New Zealand has dropped further down the ranks of the Bloomberg Innovation Index.

The index scores countries using seven criteria, including research and development spending and concentration of high-tech public companies.

New Zealand dropped one place from 23rd in 2018 to 24th in the latest rundown of the index.

This comes off the back of a four-place drop last year, which saw New Zealand slip out of the top 20 with a fall from 19th to 23rd.

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New Zealand now places behind Iceland, Poland, Italy, Canada and Australia.

South Korea retained the global crown this year, though improvements by Germany in research and education brought Europe's largest economy to near-parity in the annual ranking.

The US moved up to eighth place, a year after cracks in education scores pushed it out of the top 10 for the first time.

The annual Bloomberg Innovation Index, in its seventh year, analyses dozens of criteria using seven metrics, including research and development spending, manufacturing capability and concentration of high-tech public companies.

The ranking comes as global elites gather at this week's annual World Economic Forum in Davos, Switzerland, where they will discuss the future of globalization, the role of the state and how innovation propels countries forward.

In the Bloomberg Index, Germany almost caught six-time champion South Korea on the strength of added-value from manufacturing and research intensity, much of it built around industrial giants such as Volkswagen AG, Robert Bosch GmbH and Daimler AG. Although South Korea extended its winning streak, its lead narrowed in part because of lower scores in patent activity.

New Zealand has dropped further since falling out of the top 20 in 2018. Image/Bloomberg.
New Zealand has dropped further since falling out of the top 20 in 2018. Image/Bloomberg.

Sweden, the runner-up in 2018, fell to the seventh spot. Patent activity boosted the scores for China and Israel, which was a big winner by jumping five spots to fifth overall. The Middle Eastern country surpassed Singapore, Sweden and Japan in the process.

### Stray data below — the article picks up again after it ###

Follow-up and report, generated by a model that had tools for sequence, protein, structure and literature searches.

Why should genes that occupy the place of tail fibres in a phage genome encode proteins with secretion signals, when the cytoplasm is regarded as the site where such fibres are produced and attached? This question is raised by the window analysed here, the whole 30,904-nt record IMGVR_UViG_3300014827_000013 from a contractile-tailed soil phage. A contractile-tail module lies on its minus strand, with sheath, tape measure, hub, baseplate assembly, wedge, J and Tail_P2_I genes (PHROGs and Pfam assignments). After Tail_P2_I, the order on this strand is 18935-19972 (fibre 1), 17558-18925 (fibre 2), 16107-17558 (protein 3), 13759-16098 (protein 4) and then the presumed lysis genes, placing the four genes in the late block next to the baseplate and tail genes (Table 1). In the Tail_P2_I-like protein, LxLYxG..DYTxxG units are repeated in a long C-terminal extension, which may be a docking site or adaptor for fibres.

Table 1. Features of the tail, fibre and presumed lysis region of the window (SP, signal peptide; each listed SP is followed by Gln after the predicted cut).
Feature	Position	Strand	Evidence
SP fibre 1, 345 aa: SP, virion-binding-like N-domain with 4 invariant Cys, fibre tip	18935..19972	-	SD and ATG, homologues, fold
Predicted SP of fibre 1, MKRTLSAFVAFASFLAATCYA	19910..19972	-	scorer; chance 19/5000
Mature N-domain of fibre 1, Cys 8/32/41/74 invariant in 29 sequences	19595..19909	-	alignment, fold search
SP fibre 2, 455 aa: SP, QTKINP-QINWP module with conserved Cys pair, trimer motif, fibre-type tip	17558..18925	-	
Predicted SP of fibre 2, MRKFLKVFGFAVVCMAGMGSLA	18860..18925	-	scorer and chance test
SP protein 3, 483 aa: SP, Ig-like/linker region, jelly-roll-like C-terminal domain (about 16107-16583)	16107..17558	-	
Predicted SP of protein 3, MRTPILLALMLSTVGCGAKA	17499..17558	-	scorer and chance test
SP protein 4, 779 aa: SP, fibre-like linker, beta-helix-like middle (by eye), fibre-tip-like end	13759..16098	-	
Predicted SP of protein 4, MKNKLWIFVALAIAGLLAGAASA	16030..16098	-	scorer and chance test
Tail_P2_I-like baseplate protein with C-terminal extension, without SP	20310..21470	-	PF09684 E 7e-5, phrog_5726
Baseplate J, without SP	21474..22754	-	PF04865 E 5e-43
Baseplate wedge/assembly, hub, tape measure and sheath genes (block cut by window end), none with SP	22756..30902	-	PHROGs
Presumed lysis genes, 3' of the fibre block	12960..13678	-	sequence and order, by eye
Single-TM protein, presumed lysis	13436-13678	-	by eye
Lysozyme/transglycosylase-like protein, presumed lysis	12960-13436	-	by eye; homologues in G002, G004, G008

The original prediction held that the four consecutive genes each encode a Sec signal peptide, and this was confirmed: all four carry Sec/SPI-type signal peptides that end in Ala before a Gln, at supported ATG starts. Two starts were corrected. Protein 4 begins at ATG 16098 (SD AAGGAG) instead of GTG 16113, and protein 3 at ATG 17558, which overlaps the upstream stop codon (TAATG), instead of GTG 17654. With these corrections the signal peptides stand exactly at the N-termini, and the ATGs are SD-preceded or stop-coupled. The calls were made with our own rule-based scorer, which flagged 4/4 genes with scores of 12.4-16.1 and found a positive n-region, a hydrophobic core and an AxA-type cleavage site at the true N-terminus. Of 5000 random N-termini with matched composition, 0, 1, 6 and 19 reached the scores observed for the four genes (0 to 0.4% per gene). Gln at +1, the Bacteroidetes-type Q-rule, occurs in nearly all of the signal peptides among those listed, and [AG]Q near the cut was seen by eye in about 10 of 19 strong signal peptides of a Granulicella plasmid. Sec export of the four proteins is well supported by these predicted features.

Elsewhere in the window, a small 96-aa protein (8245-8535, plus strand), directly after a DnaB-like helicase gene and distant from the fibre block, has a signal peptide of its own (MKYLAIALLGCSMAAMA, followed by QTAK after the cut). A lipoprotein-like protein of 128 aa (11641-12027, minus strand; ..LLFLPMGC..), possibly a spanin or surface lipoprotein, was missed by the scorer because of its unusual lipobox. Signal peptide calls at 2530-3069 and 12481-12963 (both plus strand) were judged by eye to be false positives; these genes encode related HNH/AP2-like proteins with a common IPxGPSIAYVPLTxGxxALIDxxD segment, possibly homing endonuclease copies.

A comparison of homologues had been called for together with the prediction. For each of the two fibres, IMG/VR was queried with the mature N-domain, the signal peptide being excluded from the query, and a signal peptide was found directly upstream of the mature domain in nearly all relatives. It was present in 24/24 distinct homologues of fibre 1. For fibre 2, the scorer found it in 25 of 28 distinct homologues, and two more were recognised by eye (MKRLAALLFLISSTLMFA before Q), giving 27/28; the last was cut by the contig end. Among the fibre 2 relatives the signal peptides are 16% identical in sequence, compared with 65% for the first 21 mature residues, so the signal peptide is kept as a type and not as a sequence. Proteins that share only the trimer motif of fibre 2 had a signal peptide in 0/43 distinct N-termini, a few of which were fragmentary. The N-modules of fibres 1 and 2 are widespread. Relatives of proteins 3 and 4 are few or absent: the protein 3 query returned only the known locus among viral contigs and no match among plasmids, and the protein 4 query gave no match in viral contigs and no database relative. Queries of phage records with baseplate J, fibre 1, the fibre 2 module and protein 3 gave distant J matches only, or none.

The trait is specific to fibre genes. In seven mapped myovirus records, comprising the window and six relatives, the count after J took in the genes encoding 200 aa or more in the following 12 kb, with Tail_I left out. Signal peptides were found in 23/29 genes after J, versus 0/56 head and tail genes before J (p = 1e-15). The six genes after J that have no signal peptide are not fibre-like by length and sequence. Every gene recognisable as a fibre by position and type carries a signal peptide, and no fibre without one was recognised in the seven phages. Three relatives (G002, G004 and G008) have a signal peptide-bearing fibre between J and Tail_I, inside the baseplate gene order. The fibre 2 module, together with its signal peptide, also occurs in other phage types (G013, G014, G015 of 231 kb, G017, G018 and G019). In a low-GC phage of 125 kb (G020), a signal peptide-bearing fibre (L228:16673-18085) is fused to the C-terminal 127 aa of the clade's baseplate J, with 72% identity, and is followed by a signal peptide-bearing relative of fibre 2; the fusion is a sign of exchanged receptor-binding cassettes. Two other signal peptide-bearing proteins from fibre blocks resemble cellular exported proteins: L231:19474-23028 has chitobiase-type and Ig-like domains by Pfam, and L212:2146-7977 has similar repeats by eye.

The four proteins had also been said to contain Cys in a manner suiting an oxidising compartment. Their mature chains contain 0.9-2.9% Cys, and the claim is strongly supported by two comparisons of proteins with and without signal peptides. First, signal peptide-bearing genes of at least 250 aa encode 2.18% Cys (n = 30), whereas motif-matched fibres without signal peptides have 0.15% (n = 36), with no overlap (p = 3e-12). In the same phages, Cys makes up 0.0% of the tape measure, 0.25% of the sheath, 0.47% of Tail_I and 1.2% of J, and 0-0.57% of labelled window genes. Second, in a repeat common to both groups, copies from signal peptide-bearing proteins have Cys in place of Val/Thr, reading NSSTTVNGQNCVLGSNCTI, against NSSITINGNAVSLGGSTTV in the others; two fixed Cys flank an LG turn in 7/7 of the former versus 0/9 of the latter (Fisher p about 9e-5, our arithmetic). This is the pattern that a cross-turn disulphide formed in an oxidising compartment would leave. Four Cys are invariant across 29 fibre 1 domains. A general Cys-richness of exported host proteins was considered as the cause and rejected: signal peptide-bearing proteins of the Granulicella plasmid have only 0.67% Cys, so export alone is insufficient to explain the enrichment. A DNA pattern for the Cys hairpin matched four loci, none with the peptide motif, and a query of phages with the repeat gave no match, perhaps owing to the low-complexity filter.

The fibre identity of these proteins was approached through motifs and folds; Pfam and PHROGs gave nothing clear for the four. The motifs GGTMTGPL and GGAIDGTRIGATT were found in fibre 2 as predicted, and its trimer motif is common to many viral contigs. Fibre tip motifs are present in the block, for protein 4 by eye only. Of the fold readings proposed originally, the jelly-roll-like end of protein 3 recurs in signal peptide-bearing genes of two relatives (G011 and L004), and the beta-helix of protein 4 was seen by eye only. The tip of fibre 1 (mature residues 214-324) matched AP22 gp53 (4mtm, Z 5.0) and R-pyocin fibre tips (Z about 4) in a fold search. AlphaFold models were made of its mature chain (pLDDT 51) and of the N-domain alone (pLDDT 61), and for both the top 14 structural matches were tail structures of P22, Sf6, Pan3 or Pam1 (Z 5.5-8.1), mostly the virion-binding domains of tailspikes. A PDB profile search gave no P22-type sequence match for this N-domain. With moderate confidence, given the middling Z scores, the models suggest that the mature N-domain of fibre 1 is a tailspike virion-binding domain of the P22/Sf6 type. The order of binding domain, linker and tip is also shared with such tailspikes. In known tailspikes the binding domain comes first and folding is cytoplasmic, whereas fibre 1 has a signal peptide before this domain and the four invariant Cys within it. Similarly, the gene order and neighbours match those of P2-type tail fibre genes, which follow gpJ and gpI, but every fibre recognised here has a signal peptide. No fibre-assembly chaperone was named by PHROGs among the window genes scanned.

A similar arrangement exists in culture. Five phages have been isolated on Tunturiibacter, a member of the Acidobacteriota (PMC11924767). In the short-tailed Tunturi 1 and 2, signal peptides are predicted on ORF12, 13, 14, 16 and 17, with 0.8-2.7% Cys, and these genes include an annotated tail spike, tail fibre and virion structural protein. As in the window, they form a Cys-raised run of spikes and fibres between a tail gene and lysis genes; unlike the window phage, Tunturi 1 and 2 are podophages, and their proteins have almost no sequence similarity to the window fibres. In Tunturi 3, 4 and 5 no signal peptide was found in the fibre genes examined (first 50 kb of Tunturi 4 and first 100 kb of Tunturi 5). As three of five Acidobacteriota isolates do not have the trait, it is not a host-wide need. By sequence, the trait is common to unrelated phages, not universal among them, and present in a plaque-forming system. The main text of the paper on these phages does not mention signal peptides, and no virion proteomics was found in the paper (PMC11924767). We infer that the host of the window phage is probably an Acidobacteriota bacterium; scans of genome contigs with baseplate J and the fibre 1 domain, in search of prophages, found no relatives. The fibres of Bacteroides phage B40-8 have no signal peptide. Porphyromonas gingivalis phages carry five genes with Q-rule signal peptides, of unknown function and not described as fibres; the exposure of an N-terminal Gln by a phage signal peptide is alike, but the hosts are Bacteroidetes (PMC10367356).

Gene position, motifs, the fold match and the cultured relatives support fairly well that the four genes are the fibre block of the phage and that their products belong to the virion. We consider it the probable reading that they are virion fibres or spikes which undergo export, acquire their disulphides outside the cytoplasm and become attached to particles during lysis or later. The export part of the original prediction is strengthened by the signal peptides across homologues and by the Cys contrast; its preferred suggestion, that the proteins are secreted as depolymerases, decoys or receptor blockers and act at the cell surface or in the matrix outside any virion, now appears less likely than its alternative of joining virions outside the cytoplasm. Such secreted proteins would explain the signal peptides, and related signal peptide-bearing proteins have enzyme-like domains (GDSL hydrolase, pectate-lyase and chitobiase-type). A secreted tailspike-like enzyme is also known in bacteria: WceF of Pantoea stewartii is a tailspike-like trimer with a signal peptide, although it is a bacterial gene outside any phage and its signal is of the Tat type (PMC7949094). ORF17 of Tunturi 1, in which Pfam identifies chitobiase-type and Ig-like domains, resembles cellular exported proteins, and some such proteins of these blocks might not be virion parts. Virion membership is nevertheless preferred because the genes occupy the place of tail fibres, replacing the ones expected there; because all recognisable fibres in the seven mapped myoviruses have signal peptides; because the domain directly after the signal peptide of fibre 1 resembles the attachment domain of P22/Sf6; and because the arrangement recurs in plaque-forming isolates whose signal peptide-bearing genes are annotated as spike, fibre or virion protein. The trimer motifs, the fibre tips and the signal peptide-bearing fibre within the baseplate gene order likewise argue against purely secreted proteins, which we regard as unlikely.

South Korea's staying power at number 1 should receive a boost from fresh investments in strategic technologies and a regulatory program that encourages startups, according to Khoon Goh, head of research at Australia & New Zealand Banking Group Ltd. in Singapore. He sees the challenge, though, in moving innovation beyond the "highly concentrated large chaebols," or family-run conglomerates.

"Innovation is becoming increasingly important to drive economic performance, particularly in the higher-income Asian economies where there is no longer a demographic dividend and higher value-added manufacturing assembly is being shifted to lower-cost countries in the region," Goh said.

Germany's rise in the Bloomberg ranking also seems tentative, as Europe's largest exporter struggles with a shortage of skilled workers and changing immigration policies, according to Juergen Michels, chief economist of Bayerische Landesbank. It must hone its strategy in high-tech sectors, including industries such as diesel, digital communications and artificial intelligence, he added.

Britain fell one spot to 18th and lost out to China for the first time. China's score reflects a dichotomy in the world's second-largest economy: it ranked number 2 in patent activity on the strength of R&D from Huawei Technologies and BOE Technology Group, but still lags behind most innovative alums in overall productivity.

The US rose three spots to eighth, after falling out of the top 10 for the first time last year. Faster product cycles and intensifying competition are changing the ways managers have to work, according to Pfizer Inc.'s presentation at a recent conference on health care.

"Mediocre or incremental innovation is not going to be rewarded the way that they used to be," Albert Bourla, chief executive officer of the New York-based drugmaker, told attendees at the J.P. Morgan Healthcare Conference. "We need to make sure that we change the way that we operate so that we can remove bureaucratic processes. Innovation and bureaucracy, like water and oil, they don't mix well together."

Among 2019's ranked economies, the biggest losers were Tunisia and Ukraine, which both fell out of the top 50. Ten economies joined the ranking in 2019 as more reliable data became available.

The United Arab Emirates made the highest debut in 46th place. Brazil rejoined the index in the 45th spot after not being ranked last year. Also among the new entrants are some of the world's largest emerging economies: India, Mexico, Vietnam and Saudi Arabia. South Africa remains the only Sub-Saharan nation to be ranked.

The 2019 ranking process began with more than 200 economies. Each was scored on a 0-100 scale based on seven equally weighted categories. Nations that didn't report data for at least six categories were eliminated, trimming the total list to 95. Bloomberg publishes the top 60 economies.

- Reporting taken from Bloomberg